DWill wrote:
if we envision the snow in the way Aiken describes it, filling up the space in Paul's brain as it fills up space in his hallucinated environment, the snow loses the mainly benign quality it has for us and becomes an instrument of insidious terror.
And yet it still does not pose a wider threat like a zombie virus, so the emotion is more pity than fear.


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Post Re: Silent Snow, Secret Snow by Conrad Aiken - a discussion
Robert Tulip wrote:
quote]And yet it still does not pose a wider threat like a zombie virus, so the emotion is more pity than fear.

Much of the horror genre, though, pertains to things that are really not likely to happen. That distance from actuality accounts for our ability to find zombie apocalypses entertaining. A child transforming into autism or another mental illness cuts closer to the bone. That really does happen. The horror here would be felt by the mother upon hearing her child cry, "I hate you!" She knows those words mean much more than the fits of temper common to children.



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Post Re: Silent Snow, Secret Snow by Conrad Aiken - a discussion
Despite Paul's insistence that he is well;, To the reader of 'Silent Snow, Secret Snow' and the adults examining him, there is clearly a problem of isolation. Paul is reverting to a life in his own mind. Escapism. It is a horrifying story, not because Paul is directing his actions. nor is it a horror born of parental short coming. It is a horror because it reveals the maelstrom of an unbalanced human brain.

Paul controls nothing, his subconscious is rebelling in the way it sometimes happens. In reading the wiki page on Conrad Aiken, I learned that his father shot and killed his wife, then himself. What a thing for a child then adult to learn to deal with. I had never heard of Aiken but now I have a respect for what must have been a very complex mind.

He brilliantly demonstrates that complexity with 'Silent Snow'. There was at the time very little understanding of mental disorder of which he had to endeavor to come to terms with. What a haunting life we live, when we live the internal life of unconditioned mind.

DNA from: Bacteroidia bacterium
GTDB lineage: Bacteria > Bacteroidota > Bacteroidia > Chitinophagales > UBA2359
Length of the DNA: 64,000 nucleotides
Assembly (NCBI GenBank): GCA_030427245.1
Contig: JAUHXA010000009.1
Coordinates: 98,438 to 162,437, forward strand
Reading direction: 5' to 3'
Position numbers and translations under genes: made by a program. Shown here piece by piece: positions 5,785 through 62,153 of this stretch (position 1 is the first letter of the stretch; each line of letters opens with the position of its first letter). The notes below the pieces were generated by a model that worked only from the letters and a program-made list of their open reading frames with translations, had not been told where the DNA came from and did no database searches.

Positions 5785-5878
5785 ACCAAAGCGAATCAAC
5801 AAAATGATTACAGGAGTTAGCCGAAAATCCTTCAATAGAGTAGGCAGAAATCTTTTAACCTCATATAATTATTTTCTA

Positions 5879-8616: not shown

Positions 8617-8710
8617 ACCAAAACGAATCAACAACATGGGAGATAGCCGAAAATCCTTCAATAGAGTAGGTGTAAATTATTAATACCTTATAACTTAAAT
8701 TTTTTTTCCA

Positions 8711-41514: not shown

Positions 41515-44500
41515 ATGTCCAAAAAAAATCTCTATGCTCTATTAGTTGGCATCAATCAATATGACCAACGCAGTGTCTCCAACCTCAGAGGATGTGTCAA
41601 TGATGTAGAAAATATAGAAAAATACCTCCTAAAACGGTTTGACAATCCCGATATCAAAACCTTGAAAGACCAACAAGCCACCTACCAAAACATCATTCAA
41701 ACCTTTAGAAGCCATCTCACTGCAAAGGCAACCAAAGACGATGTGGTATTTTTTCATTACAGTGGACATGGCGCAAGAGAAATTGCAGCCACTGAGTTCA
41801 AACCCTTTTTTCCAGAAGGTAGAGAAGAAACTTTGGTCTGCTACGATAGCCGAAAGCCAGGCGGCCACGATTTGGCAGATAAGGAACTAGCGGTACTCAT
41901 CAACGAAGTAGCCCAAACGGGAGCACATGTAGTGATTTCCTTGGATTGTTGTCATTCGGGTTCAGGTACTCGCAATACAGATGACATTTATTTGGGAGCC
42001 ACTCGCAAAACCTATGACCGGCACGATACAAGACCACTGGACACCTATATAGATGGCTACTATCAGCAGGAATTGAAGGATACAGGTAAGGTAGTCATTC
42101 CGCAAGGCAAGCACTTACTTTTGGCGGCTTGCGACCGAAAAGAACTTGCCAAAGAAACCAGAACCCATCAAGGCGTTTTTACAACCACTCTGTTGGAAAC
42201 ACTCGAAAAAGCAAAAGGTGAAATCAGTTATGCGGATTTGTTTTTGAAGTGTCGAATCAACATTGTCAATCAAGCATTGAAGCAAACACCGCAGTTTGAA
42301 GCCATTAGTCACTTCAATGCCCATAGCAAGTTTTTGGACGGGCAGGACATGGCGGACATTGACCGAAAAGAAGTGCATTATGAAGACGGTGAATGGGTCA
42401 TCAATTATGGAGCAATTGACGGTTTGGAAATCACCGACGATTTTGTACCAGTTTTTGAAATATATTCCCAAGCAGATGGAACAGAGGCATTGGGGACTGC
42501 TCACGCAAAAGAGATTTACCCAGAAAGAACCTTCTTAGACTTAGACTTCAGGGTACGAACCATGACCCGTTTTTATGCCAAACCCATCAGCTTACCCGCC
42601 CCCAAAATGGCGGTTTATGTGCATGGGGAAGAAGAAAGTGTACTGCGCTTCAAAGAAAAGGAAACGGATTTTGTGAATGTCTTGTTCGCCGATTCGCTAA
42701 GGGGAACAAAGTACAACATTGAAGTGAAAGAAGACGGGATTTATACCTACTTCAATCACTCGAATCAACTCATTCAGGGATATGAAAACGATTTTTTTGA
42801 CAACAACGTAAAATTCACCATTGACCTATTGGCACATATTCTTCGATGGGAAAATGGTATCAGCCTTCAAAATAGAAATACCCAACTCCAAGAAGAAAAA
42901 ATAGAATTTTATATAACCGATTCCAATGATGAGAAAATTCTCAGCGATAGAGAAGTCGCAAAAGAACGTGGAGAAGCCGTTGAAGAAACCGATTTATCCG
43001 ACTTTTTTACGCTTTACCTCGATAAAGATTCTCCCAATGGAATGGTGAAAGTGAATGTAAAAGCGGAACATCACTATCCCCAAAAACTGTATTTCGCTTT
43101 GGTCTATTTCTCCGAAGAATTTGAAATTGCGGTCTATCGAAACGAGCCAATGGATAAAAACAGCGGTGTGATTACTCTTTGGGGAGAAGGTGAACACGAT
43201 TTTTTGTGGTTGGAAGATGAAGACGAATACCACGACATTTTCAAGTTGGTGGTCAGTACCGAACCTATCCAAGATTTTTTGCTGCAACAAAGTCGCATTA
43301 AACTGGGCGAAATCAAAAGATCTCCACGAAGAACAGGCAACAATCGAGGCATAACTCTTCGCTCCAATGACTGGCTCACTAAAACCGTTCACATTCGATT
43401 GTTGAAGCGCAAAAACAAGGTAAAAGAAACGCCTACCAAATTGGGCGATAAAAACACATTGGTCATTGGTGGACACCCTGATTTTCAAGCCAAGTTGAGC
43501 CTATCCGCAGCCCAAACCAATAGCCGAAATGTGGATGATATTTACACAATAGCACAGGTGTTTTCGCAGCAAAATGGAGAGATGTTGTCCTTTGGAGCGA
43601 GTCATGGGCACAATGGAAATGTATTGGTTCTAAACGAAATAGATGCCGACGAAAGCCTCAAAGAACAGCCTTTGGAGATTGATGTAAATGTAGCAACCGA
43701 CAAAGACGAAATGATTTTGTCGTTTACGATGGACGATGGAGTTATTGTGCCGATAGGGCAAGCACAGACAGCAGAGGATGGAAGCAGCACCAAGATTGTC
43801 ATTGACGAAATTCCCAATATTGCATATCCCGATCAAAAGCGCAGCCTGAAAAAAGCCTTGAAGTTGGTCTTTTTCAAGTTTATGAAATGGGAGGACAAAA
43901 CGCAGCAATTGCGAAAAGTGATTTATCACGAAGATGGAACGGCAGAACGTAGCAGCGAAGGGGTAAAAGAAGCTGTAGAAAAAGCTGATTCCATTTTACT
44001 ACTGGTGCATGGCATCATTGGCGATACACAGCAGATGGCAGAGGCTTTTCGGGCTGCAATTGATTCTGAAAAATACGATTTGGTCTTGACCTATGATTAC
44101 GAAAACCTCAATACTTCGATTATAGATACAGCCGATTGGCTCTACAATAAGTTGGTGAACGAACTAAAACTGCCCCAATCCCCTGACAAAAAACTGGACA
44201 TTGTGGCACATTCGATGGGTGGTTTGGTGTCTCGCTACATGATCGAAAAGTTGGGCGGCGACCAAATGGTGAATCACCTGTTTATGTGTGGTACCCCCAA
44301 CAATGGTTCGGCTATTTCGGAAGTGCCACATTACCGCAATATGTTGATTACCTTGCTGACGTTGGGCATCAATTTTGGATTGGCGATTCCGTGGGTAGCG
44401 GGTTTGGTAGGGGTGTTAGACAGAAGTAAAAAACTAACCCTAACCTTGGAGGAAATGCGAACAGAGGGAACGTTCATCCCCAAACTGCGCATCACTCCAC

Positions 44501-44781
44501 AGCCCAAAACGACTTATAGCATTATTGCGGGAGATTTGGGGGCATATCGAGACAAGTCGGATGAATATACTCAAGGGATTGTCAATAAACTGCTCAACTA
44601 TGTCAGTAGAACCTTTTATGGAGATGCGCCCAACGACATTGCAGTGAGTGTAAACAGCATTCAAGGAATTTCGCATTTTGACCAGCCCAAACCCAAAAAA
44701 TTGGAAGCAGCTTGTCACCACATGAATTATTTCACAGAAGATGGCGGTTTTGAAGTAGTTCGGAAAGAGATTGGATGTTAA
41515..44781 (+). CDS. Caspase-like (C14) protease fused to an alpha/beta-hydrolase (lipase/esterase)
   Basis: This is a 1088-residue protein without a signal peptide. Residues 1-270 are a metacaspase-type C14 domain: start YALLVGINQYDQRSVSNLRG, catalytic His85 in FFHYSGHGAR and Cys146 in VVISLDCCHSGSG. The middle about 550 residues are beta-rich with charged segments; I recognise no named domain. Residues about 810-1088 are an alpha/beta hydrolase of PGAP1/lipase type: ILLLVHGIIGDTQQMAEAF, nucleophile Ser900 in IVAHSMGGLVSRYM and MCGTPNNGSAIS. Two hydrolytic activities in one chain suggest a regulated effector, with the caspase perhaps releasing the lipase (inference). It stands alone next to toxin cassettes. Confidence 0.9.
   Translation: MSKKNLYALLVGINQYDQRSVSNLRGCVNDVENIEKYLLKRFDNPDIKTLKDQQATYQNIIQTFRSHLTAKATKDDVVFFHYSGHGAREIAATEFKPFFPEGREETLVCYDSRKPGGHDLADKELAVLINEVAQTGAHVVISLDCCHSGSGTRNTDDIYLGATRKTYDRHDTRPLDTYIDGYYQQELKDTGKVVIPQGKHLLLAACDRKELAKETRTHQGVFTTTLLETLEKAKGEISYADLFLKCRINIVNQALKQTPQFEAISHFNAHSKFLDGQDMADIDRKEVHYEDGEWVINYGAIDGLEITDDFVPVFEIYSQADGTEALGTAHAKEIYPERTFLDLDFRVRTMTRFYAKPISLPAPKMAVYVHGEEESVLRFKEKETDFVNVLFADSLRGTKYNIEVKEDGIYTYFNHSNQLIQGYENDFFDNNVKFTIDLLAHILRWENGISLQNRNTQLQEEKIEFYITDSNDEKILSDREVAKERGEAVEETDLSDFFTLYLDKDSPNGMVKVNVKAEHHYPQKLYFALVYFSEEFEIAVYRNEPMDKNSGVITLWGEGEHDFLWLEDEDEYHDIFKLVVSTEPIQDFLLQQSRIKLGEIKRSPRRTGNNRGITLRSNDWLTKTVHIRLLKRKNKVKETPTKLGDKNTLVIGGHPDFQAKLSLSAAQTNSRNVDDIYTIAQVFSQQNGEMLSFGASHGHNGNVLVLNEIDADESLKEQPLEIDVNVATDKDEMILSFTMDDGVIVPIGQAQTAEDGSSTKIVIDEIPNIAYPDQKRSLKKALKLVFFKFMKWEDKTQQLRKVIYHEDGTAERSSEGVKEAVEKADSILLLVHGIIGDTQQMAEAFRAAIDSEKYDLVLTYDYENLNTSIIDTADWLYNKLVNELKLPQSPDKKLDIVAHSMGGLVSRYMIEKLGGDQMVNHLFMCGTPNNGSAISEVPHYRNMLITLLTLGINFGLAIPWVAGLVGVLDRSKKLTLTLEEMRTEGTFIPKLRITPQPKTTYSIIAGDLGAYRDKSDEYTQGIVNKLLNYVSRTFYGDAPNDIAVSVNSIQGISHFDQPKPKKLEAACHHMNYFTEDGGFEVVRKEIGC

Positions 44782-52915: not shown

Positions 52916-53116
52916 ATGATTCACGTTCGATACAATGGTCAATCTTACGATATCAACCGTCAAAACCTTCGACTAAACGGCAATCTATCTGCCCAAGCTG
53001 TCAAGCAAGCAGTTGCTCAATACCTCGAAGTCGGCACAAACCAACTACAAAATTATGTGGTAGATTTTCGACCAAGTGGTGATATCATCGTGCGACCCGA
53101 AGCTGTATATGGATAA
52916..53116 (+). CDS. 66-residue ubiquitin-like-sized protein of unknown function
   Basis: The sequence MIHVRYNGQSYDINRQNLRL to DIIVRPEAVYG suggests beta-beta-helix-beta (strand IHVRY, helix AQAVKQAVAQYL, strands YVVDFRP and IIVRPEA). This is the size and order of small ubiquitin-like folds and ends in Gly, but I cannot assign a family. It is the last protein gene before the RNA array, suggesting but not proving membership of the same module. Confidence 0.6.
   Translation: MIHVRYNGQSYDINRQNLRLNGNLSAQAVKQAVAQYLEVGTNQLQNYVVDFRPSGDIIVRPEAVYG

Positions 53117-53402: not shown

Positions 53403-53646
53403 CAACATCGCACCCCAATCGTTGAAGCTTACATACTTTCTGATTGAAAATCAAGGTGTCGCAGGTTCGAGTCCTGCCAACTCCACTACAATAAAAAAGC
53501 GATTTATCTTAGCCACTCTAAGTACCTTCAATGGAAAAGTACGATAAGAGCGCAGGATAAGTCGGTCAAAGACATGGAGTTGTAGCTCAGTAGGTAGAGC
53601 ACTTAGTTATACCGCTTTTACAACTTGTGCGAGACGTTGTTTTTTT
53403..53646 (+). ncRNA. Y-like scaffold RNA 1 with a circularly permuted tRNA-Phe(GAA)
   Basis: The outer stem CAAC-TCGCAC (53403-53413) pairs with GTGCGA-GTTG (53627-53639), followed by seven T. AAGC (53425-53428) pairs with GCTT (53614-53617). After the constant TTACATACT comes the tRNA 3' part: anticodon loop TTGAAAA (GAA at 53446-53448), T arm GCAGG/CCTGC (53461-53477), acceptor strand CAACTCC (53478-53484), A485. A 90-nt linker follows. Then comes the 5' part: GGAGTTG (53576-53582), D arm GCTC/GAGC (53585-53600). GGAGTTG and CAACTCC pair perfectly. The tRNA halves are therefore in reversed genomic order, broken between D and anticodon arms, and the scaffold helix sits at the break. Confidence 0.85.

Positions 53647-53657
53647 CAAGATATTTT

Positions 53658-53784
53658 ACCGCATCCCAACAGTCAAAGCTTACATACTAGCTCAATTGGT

The first time I ever considered suicide I was a boy of about ten. I talked to a friend of mine about it briefly at the time. his eleven year old brain told me I was nuts for thinking death was preferable and I never mentioned it again for forty two years. Yes Robert, I know someone who retreated to fantasy. It is a weird pit of utter despair, it is a maelstrom.

There is a comfort zone, it is post-depression and pre-mania, it is a delicate and difficult swirl to tread, especially to a conditioned mind, because there are real horrors with every potential joy. No matter how successful one can be in life, for some, there is no happiness.



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Post Re: Silent Snow, Secret Snow by Conrad Aiken - a discussion
Taylor wrote:
Despite Paul's insistence that he is well;, To the reader of 'Silent Snow, Secret Snow' and the adults examining him, there is clearly a problem of isolation. Paul is reverting to a life in his own mind. Escapism. It is a horrifying story, not because Paul is directing his actions. nor is it a horror born of parental short coming. It is a horror because it reveals the maelstrom of an unbalanced human brain.
Interesting to cross-reference our last story, Poe’s A Descent into the Maelstrom, which could also be read as a personal parable of mental illness, the isolation of an unbalanced human brain sinking into depressive fantasy. It is a disturbing idea that most would rather not think about, much less discuss in public, and yet I suspect far more common than we usually admit. So Secret Snow is a good entry point for such a discussion.
Taylor wrote:
Paul controls nothing, his subconscious is rebelling in the way it sometimes happens. In reading the wiki page on Conrad Aiken, I learned that his father shot and killed his wife, then himself. What a thing for a child then adult to learn to deal with. I had never heard of Aiken but now I have a respect for what must have been a very complex mind.
To say that it is his “subconscious” may place a specific analytic fix on the story, reading what may be a genetic illness of the brain as an involuntary response to suppressed trauma. We do not know if Paul has suffered any trauma that causes his retreat into the snow world as a return of the repressed.
Taylor wrote:
He brilliantly demonstrates that complexity with 'Silent Snow'. There was at the time very little understanding of mental disorder of which he had to endeavor to come to terms with. What a haunting life we live, when we live the internal life of unconditioned mind.
I’m not sure the understanding of mental disorder is really that much better today. In the past, religion had an important role in creating community identity and inculcating values, which could have had some protective function against wayward thinking and isolation. But since religion has its own fantasy component, it has been subject of rational critique, often leaving people to their own devices, meaning an overstretched medical profession is left to pick up the pieces using medication, since actually speaking with people is so expensive. These days Paul would be straight onto Ritalin or some other drug to mask his depressive symptoms.
Taylor wrote:
The first time I ever considered suicide I was a boy of about ten. I talked to a friend of mine about it briefly at the time. his eleven year old brain told me I was nuts for thinking death was preferable and I never mentioned it again for forty two years.
Thank you Taylor for sharing your personal story. Australia has a suicide epidemic especially among indigenous people. A few people close to me have killed themselves, which I have found very traumatic. For myself there is such a vast amount I want to accomplish in the world that such a thought is not something I entertain.